Woolwich & Wellesley Township's Local Community Newspaper | Elmira, Ontario, Canada
Help
Follow

A little more local for your inbox.

Seven days. One newsletter. Local reporting about people and places you
won't find anywhere else. Stay caught up with The Observer This Week.

Enter your email to subscribe. Unsubscribe anytime. We may send you promotional messages.
Please read our privacy policy.

Mental health expert advice for coping with the second wave

Anxiety by definition is the body’s response to stress, a feeling of fear over what is to come. In normal times, people may have felt anxiety over a big game, a job interview, or even the first day of school. All of these things were completely normal to feel a little bit of apprehension over, however, with the COVID-19 pandemic currently in its second wave there are more and more things which are causing and increasing number of people to feel anxiety.

Whether the anxiety stems from the potential for losing a job, contracting the virus or struggling to figure out how to make ends meet, Laura McShane says the pandemic crisis is not something anyone planned for, a situation that causes yet more anxiety.

“A global pandemic has created a lot of stress and anxiety for people. It’s certainly not what any of us had planned when we were sitting around on New Year’s Eve, thinking about the year ahead. It’s a global pandemic, so it’s impacted every single one of us in some way. It can cause feelings of powerlessness and maybe hopelessness. Because it’s really interfered with the regular patterns of our lives and it’s changed how we live, to a degree, and caused most of us probably to worry about what does this mean for the future of our families, our friends, our kids ourselves,” said McShane, coordinator for mental health promotion and education services with the Canadian Mental Health Association of Waterloo-Wellington.

She says normally one in five people are living with a mental health illness, but because of the pandemic she now estimates that five in five people are now struggling in one way or another.

“We’re all struggling to some degree because of the uncertainty, but we do know that more people are struggling with their mental health and relying on maybe unhelpful or unhealthy coping mechanisms. Use of substances, drinking alcohol more, maybe engaging in risk taking behaviours, isolating themselves more, [or even] not having the capacity to reach out. It’s those unhelpful coping mechanisms [that are leading to more anxiety].

Speaking during a webinar with the Woolwich Community Health Centre, McShane suggested some tools people could use to help manage that anxiety they are feeling, one of which was to manage the things that we have control over in our lives.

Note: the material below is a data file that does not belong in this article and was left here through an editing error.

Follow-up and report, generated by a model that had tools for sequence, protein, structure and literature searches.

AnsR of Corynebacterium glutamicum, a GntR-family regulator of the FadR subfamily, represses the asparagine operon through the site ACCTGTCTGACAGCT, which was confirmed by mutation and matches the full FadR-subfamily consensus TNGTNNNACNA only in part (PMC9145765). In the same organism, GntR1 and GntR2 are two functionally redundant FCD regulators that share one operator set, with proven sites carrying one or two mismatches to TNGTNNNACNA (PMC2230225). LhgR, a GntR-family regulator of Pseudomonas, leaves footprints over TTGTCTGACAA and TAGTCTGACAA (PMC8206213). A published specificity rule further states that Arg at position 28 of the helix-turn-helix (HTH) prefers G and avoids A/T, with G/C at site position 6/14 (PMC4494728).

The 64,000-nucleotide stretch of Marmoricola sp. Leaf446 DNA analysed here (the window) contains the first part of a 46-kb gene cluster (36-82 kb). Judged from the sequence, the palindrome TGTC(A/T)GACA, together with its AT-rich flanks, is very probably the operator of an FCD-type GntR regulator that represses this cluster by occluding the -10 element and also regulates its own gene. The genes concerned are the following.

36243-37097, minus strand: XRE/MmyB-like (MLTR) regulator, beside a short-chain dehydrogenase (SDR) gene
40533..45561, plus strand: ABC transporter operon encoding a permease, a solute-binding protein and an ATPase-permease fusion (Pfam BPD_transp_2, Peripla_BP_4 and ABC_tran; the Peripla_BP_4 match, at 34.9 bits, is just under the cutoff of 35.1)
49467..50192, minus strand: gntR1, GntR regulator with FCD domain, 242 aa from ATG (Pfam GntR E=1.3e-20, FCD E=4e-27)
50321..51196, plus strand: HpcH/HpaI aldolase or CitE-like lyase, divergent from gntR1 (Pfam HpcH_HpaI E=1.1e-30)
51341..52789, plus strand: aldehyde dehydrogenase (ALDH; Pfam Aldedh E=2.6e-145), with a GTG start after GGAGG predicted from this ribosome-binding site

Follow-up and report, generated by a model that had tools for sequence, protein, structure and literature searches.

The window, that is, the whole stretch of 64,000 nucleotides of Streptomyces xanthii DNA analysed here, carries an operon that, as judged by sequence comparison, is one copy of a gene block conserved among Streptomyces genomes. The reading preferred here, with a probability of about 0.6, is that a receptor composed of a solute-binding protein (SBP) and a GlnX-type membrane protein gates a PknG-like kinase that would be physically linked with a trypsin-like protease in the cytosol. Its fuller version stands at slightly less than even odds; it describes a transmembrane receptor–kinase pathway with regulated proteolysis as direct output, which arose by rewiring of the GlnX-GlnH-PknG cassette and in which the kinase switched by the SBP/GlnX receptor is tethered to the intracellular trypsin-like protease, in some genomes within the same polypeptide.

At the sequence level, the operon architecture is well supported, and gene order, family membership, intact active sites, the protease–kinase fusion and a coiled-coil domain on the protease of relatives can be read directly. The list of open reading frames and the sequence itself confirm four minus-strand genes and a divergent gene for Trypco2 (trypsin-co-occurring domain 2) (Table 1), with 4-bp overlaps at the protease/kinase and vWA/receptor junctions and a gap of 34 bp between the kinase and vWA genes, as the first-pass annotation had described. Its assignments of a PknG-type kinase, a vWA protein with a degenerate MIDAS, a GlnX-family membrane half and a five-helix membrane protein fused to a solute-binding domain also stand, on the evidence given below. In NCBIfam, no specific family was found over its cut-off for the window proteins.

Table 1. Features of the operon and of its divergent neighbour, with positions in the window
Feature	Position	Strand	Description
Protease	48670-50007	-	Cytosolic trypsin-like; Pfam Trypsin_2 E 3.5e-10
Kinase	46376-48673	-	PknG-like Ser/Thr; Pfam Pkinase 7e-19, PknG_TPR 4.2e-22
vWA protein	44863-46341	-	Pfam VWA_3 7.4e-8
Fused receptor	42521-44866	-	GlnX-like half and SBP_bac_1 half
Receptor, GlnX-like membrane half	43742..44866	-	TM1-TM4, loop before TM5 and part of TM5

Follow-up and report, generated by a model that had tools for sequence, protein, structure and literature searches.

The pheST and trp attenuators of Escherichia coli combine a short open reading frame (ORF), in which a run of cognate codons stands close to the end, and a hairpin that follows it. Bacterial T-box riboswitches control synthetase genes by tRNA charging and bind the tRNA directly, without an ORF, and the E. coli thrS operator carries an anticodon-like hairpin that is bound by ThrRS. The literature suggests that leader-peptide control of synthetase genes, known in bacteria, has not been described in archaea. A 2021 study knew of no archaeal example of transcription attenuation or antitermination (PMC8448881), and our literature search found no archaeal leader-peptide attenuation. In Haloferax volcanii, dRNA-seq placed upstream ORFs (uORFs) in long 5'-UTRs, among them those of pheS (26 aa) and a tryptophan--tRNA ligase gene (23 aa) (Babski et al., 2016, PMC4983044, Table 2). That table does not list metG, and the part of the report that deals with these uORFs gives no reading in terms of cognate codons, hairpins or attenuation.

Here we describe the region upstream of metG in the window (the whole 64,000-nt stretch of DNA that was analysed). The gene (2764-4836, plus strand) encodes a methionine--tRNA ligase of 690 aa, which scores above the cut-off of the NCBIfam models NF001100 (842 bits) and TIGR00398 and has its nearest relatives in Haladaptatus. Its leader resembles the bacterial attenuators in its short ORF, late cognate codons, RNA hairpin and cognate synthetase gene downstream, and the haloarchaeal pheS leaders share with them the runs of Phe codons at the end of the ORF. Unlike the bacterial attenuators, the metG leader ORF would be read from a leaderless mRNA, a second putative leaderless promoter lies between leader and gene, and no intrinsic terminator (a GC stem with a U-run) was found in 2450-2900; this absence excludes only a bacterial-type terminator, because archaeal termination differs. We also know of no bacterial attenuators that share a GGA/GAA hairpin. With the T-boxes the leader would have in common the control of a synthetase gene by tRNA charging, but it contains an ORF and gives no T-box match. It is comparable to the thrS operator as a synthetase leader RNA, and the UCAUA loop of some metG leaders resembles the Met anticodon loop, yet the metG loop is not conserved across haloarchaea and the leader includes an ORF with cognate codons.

“If we’re engaged in a board game or we’re reading a book, or we’re cooking and baking, or creating something doing something crafty or artistic, our minds are otherwise engaged. Worrying and worrying and worrying 24 hours a day is not healthy for anybody. So, if you have specific fears related to COVID-19, it’s about focusing on those things that you can do, not about the things that you don’t have any control of,” she said. “Watching the news and social media [consider] how are you being judicious about what you’re watching. Are you watching the news 24 hours a day, seven days a week, or reading every story that pops up on Twitter or Facebook? That’s a lot of input of potentially traumatic information for people, scary information because these are unprecedented times. So, if that’s all that we’re putting into our brain, of course we’re going to feel more anxious.”

She says reaching out to other people whether by phone, letter or video chat can help as well as connecting with those who are unable to get out or contact people can help tremendously.

She also suggests using mindfulness as a way to escape the anxiety by living in the moment and focusing on whatever task it is you may be working on.

A little more local for your inbox.

Seven days. One newsletter. Local reporting about people and places you
won't find anywhere else. Stay caught up with The Observer This Week.

Enter your email to subscribe. Unsubscribe anytime. We may send you promotional messages.
Please read our privacy policy.

Total
4
Shares



Related Posts
Read the full story

Seniors request a crosswalk

When Christine Grose’s parents moved into Chartwell Elmira residence two months ago, it quickly became clear there were…
Total
4
Share